for you: the "you" who receives the poem now (the reader); the "you" within the fiction of the poem, whoever that might be; the self of the poet, addressed here as in the imperative reading of the previous line.
to re: the second broken word in the poem, or a "torn" one (given how "to re" suggests "tore"), again in the second stanza. The poem starts with unities in pairs, we note, and then multiplies by division--and has now multiplied to produce a near match for "toyre," or "torah." Or, at least, a visual match; to the ear it remains "too ree." More could be done with this division between the aural and the visual, but time is short!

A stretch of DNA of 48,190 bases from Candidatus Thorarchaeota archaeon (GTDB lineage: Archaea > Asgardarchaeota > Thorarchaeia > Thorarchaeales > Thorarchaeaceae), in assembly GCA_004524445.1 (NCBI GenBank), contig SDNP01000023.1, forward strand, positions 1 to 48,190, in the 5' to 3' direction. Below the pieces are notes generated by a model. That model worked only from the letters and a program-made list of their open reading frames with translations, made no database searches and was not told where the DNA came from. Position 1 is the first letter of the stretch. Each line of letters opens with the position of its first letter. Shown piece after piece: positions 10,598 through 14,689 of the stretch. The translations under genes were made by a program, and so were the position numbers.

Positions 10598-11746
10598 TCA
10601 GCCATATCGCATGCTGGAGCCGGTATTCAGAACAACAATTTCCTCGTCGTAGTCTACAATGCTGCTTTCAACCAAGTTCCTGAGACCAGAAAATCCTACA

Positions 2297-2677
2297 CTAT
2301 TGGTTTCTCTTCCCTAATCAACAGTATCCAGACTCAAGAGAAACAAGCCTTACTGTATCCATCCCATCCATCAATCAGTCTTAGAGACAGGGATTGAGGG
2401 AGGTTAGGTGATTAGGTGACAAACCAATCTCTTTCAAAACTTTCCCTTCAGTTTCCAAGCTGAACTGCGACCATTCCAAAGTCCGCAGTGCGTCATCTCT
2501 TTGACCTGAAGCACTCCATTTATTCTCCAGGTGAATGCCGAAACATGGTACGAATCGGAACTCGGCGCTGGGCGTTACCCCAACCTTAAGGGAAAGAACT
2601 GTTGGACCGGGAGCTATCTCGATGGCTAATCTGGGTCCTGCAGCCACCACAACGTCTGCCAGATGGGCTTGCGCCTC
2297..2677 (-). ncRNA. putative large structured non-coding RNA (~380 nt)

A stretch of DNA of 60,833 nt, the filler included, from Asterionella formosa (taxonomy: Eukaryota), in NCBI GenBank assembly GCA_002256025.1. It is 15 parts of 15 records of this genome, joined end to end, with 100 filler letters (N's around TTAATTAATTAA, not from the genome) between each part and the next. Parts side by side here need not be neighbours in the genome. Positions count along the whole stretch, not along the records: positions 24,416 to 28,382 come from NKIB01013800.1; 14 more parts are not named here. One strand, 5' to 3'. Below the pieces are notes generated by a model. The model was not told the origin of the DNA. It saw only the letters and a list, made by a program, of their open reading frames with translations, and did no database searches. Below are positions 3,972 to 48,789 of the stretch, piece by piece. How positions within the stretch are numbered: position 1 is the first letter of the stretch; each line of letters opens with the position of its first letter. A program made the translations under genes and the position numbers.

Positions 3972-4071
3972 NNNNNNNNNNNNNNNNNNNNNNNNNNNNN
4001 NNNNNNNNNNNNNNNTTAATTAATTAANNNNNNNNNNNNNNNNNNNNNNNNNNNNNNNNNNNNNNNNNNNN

member: The division between "re" and "member" calls our attention to the true etymology of the word, and the folk etymology that accompanies it. In truth, the word derives from re + memor, to be mindful of something. By sight, in English, it would derive from re + member, thus "to supply with a new member." The phallic pun is both obvious and subtle. Obvious, in that the gift of a pen is a phallic one, suggesting new male agency--creative in whatever sense--on the part of the shammes, and linking him to Yesod, or Foundation, the Kabbalistic sephira associated with the phallus, among other things. (For a quick sketch of this sephira, check here, although I cannot vouch for the scholarship behind the site. It's suggestive, in any case, of where a deeper reading might head.)